As you have undoubtedly learned in your historical studies so far, any research paper on a military campaign should draw when possible from primary sources on both sides. Fortunately for those studying the campaign in Luzon (or any other campaign in the Asia-Pacific theater of World War II), a great deal of original Imperial Japanese Army and Imperial Japanese Navy records from World War II are available in translation.
One critically important body of translated Japanese primary sources relevant to the Luzon campaign are a collection of statements made by former officers of the Imperial Japanese Army and Imperial Japanese Navy in the years immediately following the end of the war. They were collected by U.S. Armed Forces authorities who then had them translated. This collection of Japanese officers' statements are known to historians and archivists as simply the Japanese Monographs series. The series overall is sometimes known also by the title Japanese Studies in World War II. You will see it cited this way in Robert Ross Smith's Triumph in the Philippines, for example.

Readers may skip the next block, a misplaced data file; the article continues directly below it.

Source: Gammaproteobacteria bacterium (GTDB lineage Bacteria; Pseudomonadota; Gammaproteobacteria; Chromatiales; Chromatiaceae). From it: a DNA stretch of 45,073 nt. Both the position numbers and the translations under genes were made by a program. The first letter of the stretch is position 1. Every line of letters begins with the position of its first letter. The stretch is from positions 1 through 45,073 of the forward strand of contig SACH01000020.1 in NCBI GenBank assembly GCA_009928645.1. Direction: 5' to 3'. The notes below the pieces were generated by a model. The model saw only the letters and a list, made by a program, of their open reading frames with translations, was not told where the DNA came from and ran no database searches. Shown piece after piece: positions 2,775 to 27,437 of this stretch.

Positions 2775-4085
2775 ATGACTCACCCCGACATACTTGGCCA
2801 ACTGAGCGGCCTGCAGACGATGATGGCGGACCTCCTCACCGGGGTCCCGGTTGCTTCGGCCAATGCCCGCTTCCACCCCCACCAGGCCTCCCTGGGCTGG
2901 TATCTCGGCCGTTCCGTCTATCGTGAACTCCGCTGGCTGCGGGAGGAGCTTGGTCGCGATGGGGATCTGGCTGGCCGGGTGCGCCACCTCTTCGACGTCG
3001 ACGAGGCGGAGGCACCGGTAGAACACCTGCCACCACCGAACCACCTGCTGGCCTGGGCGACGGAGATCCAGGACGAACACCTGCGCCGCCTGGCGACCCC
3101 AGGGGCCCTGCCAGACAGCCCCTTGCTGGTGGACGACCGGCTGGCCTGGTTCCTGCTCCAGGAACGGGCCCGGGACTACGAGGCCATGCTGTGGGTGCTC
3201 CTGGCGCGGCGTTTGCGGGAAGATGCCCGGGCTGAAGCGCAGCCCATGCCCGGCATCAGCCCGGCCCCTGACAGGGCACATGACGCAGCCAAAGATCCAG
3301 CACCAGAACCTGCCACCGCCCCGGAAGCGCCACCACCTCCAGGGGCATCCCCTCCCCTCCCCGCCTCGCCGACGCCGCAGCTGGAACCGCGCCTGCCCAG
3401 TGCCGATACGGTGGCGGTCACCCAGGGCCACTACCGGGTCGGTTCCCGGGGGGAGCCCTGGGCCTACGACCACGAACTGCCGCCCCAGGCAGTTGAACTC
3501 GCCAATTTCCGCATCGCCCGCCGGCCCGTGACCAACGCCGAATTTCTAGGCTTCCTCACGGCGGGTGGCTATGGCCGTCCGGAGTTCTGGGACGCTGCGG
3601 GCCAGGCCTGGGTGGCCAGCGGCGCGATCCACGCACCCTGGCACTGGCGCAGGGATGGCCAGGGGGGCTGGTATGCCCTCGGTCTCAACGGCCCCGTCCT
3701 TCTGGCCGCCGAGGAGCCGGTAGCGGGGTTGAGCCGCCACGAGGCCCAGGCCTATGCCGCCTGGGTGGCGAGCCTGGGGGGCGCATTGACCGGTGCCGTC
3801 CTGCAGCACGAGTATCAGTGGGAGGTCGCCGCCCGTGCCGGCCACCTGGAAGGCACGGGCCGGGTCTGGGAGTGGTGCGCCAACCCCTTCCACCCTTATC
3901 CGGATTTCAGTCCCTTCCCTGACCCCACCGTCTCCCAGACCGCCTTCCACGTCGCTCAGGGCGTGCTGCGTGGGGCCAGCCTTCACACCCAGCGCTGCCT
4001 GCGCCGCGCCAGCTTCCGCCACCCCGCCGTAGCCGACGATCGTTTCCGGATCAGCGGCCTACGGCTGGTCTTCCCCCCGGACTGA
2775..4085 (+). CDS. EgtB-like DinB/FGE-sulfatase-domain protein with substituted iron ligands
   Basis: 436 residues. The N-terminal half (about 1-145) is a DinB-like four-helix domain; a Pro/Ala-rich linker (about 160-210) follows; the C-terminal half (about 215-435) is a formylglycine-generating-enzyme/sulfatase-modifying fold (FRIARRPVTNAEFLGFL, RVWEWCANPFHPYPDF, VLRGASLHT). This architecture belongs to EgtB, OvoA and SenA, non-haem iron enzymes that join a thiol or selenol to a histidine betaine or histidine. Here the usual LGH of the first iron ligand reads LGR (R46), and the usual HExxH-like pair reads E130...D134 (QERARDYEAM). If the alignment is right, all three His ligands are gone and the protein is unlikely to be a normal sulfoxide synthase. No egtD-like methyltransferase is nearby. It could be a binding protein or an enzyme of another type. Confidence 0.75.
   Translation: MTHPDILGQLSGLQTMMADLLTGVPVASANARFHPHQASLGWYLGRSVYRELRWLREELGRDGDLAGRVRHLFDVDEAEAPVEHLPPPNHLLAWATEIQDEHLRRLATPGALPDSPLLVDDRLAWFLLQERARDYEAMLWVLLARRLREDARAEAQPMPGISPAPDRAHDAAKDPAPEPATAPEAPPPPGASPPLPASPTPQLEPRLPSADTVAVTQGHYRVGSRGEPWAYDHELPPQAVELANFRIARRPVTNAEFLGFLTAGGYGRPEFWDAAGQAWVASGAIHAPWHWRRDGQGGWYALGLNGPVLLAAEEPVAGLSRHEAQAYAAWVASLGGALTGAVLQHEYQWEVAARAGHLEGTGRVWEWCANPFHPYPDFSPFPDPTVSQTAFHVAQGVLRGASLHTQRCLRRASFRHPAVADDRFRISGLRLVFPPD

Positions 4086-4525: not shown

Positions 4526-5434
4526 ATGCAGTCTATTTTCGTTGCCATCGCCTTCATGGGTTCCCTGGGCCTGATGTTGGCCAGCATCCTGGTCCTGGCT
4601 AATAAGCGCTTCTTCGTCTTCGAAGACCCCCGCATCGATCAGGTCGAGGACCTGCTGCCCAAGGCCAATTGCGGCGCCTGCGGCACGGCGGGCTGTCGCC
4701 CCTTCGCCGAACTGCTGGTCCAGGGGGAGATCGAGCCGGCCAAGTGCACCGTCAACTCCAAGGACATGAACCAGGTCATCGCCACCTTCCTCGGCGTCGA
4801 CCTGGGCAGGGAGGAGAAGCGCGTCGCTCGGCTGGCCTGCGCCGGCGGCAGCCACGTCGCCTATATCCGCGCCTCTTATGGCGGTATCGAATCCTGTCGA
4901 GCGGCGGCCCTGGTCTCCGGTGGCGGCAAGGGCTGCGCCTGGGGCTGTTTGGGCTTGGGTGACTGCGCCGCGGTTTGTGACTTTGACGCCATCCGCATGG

As you realize, of course, historians must use all primary sources with care, constantly scrutinize them and use subjective judgment to make decisions about whether and to what extent their testimony is useful. This is especially the case with the surviving records of the Japanese Monographs collection. These sources can be quite important in your work, but it is essential that you become familiar with their background and the history of how they arrived before us to use today. The process began in October 1945 when HQ, Far East Command started collecting former Japanese officers' statements. A few years later they were transferred to the U.S. Army Office of the Chief of Military History where scholars discovered significant errors and gaps in many of them. Accordingly, Far East Command gathered teams of U.S. Army historians and former Japanese officers to edit the original statements and improve the translations. This work continued throughout the early 1950s, and many of the resulting statements were used by authors of the U.S. Army official histories volumes, such as Robert Ross Smith's Triumph in the Philippines with which you should definitely be familiar. To learn more about the origins of these important primary sources and their usefulness to historians studying the Luzon campaign, refer to Smith's bibliographic essay "The Sources: A Critical Note", especially his section "Sources of Japanese Information" on pp. 700-704. Reviewing that section may direct you to other useful translated Japanese sources as well.